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"The Biggest Problems We Face Is That We’re All Flying Blind To A Large Degree" Warns Deutsche Bank

For everyone confused about the current state of the global financial situation, you are not alone. To help, here is DB's Jim Reid with a pretty good summary of where we all currently stand.

From DB's Jim Reid

One of the biggest problems we face is that there is no historical template for current global market conditions so we’re all flying blind to a large degree. Never before have so many of the most important countries in the world printed so much money and left base rates at near zero for so long. Also never before has the largest economy in the world tried to start a slow process of reversing said extraordinary policy. So there is no road map for this journey, only educated (hopefully) predictions.

We continue to be bullish Euro and GBP credit mostly due to the fact that the global financial system is so fragile and the global economy so lethargic and asset prices generally so high (with exceptions) that it near forces central banks into a continuation of exceptionally easy monetary conditions. So we don't think this high liquidity era is over yet. Given the recent widening, in the three main currency blocks, only EUR BBBs have been tighter (just) than current levels for more than half the time through history.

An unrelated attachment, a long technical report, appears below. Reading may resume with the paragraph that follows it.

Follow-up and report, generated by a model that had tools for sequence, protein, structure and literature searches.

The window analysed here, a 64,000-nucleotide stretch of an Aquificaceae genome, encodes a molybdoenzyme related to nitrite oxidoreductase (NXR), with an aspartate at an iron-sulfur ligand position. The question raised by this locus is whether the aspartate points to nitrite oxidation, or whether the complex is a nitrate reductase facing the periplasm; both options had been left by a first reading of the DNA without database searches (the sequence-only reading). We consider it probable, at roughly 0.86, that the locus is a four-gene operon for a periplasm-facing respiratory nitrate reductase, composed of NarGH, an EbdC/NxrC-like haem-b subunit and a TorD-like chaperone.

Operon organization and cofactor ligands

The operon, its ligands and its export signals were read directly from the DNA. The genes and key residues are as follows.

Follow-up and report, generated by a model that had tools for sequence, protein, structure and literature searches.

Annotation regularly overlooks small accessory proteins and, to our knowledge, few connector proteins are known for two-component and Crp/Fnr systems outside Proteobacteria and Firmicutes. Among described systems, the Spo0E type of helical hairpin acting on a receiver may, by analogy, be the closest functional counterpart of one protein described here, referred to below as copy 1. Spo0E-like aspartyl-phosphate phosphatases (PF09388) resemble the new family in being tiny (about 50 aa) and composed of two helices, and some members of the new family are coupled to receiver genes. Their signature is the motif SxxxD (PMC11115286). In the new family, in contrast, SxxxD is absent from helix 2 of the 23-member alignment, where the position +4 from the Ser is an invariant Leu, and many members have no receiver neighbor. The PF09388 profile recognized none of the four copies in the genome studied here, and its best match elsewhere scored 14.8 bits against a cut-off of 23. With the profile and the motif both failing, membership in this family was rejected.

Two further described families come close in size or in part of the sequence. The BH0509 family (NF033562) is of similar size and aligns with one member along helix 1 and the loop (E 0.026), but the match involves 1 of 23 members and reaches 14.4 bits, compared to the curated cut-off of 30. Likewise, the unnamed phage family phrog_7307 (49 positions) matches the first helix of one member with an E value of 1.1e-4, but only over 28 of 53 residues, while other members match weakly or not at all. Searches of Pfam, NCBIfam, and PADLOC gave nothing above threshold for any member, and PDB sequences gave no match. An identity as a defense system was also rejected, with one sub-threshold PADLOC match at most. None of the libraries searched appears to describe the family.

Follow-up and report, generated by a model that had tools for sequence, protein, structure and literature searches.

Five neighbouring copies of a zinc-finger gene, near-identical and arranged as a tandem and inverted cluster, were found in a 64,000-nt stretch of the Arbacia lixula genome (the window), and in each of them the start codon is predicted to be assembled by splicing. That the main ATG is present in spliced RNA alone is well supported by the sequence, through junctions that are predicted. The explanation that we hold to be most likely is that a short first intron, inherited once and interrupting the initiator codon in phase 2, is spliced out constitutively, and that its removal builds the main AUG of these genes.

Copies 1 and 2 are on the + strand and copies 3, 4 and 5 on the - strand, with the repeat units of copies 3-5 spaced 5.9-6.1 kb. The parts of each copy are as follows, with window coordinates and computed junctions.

So we still think very easy money is still going to be the dominant theme in financial markets. However our FX colleagues wrote an interesting report yesterday exploring their recent QT (quantitative tightening) theme. They think 2015 will mark the peak in global FX reserve accumulation following two decades of 'unremitting growth'. This is due to three cyclical drivers: China’s economic slowdown, impending US monetary tightening, and the collapse in the oil price.

They would argue that the implications of their conclusions are profound. Central banks have accumulated 10 trillion USD of assets since the start of the century, heavily concentrated in global fixed income. Less reserve accumulation should put secular upward pressure on both global fixed income yields and the USD. There are counter forces in the opposite direction (eg European current account surpluses and QE) but they'd argue that there is a change in the secular trend.

Our thoughts are that this will require the need for ever looser policy from Western nations to offset this impact. We're also still not sure the US will be able to tighten much in this cycle given all that's going on globally.